Deadlines. We all have them, and probably chafe in varying degrees when they approach. Work-related deadlines, bill-paying deadlines, and the days of the week that the trash needs to be set out at the curb (yeah, that’s a deadline, too). Some are more constrictive than others, and some we can ignore or procrastinate about a little longer before jumping in and getting things done. As a writer, deadlines take on a whole, new meaning.

Agent/Publisher Deadlines

If you’re working with an agent, there are probably some pretty strict, non-negotiable deadlines you’ll want to be sure you meet. Breaking down the task into weekly or daily goals will help ensure you don’t mess this one up. If you can stay ahead of your schedule, you’ll have a little wiggle room in case you need to do some last minute editing or rewriting before your due date. Stay in communication with them if it looks like it’s going to be a close call or one that you might miss. Offer up an alternative that’s reasonable for both parties and one that you can deliver on. Apologize.

Serial Deadlines

I don’t mean to conjure the image of a serial killer, but if you have a recurring deadline that you consistently feel you’re up against, it can feel like a serial nightmare. One solution is to work ahead one or two projects, episodes, etc. so that you’re always one step ahead of that serial deadline looming ahead and waiting for you. If you can find a way to do that, then you’ll be giving yourself a comfort zone that frees up your creative side and as a benefit, the work will hopefully flow easier and line up nicely next to your already completed works.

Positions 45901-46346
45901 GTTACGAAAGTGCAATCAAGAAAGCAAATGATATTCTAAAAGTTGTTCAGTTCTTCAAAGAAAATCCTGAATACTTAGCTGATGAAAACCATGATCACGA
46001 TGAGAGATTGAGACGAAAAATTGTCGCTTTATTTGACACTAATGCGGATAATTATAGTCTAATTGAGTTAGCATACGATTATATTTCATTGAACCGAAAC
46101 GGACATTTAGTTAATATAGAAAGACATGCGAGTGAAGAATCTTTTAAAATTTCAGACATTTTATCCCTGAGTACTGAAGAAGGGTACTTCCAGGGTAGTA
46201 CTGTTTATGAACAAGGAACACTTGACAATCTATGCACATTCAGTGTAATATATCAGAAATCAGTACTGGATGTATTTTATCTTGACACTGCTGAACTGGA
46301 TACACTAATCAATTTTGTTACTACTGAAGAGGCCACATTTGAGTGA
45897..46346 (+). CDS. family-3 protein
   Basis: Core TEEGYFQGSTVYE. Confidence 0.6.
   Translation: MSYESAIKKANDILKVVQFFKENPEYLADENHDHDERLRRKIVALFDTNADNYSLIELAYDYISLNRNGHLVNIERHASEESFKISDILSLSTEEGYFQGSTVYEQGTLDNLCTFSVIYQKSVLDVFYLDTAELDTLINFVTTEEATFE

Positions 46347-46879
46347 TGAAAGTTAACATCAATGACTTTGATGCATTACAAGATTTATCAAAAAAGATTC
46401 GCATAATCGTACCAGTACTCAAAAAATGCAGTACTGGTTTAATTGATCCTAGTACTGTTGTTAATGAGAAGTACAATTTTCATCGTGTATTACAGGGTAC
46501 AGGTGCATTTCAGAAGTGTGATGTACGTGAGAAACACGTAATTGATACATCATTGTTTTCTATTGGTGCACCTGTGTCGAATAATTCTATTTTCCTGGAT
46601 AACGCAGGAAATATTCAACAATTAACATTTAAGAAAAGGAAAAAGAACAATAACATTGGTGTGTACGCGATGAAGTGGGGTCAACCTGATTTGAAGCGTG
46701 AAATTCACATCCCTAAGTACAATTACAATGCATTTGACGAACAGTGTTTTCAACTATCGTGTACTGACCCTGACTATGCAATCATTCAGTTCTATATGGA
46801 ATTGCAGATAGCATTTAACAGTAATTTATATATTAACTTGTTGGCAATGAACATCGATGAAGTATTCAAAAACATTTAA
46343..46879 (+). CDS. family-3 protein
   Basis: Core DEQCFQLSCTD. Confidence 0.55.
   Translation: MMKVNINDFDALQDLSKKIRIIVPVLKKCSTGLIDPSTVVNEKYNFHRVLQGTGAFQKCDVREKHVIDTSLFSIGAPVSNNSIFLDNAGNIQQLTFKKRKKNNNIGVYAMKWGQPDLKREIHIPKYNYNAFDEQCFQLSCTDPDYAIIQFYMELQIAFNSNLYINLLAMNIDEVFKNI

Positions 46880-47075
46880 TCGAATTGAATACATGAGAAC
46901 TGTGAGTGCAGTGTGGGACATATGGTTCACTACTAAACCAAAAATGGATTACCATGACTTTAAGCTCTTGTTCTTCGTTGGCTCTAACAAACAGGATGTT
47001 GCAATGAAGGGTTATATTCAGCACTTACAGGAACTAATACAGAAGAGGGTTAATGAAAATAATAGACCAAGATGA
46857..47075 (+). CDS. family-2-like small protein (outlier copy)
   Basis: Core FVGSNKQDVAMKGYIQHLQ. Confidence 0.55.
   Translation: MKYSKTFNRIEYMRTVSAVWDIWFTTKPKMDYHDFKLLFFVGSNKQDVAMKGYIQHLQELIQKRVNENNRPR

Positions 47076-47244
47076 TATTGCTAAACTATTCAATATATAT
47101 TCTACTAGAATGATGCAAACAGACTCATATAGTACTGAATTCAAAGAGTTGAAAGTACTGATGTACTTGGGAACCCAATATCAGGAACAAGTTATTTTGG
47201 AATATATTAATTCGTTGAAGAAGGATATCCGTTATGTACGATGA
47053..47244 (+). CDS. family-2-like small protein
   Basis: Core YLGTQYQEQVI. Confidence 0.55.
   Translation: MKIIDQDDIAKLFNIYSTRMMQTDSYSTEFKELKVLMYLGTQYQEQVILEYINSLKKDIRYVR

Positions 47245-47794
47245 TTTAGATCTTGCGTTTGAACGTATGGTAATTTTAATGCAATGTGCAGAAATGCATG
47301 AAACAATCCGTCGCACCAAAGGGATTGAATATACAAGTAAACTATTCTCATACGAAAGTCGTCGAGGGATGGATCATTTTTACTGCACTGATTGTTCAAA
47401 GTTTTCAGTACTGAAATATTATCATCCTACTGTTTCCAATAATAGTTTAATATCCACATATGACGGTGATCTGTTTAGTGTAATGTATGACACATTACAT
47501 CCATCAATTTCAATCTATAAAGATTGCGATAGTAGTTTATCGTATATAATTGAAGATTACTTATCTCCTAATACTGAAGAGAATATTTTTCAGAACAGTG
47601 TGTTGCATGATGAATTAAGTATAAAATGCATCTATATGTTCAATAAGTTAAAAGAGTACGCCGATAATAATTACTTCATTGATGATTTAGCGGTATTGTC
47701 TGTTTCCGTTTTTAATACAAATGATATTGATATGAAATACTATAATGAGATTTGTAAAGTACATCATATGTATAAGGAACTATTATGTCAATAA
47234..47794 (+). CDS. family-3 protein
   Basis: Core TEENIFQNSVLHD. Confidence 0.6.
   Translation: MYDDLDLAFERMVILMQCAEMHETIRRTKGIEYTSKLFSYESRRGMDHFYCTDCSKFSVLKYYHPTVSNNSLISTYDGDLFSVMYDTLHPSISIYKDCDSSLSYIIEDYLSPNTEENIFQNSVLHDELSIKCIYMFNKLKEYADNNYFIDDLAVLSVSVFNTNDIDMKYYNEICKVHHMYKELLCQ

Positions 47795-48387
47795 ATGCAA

Self-Imposed Deadlines

Let’s say you’re working on a manuscript on your own timeline. There is no agent or publisher waiting for that next segment, and it’s not episodic. So, what deadlines will you impose upon yourself to keep your story moving forward on that long, solitary road to completion? Here are a few ideas to toss around. Work on a scene-by-scene deadline and set up a schedule for a certain number of them a week. A scene a day? Might be too ambitious, but that depends on your own personal situation and how much time you have to set aside for writing. Make it realistic so you can find success in it. Perhaps it will be a chapter a month. Figure out what works for you and do your best to make good on that promise to yourself and your characters.

If you miss a deadline… communicate with those who are depending on your work and apologize for missing the deadline. Offer up a close alternative and meet it. You owe to yourself, those working with you, and the story/project you’re committed to. Learn from what happened and adjust your schedule to ensure it doesn’t happen again.

If you’re working on your own, don’t beat yourself up. But don’t let yourself off the hook too easily, either. You have yourself to answer to, and you’re just as important as anyone else. Apologize. Then, get busy.

Image credit: Anne K. Hawkinson


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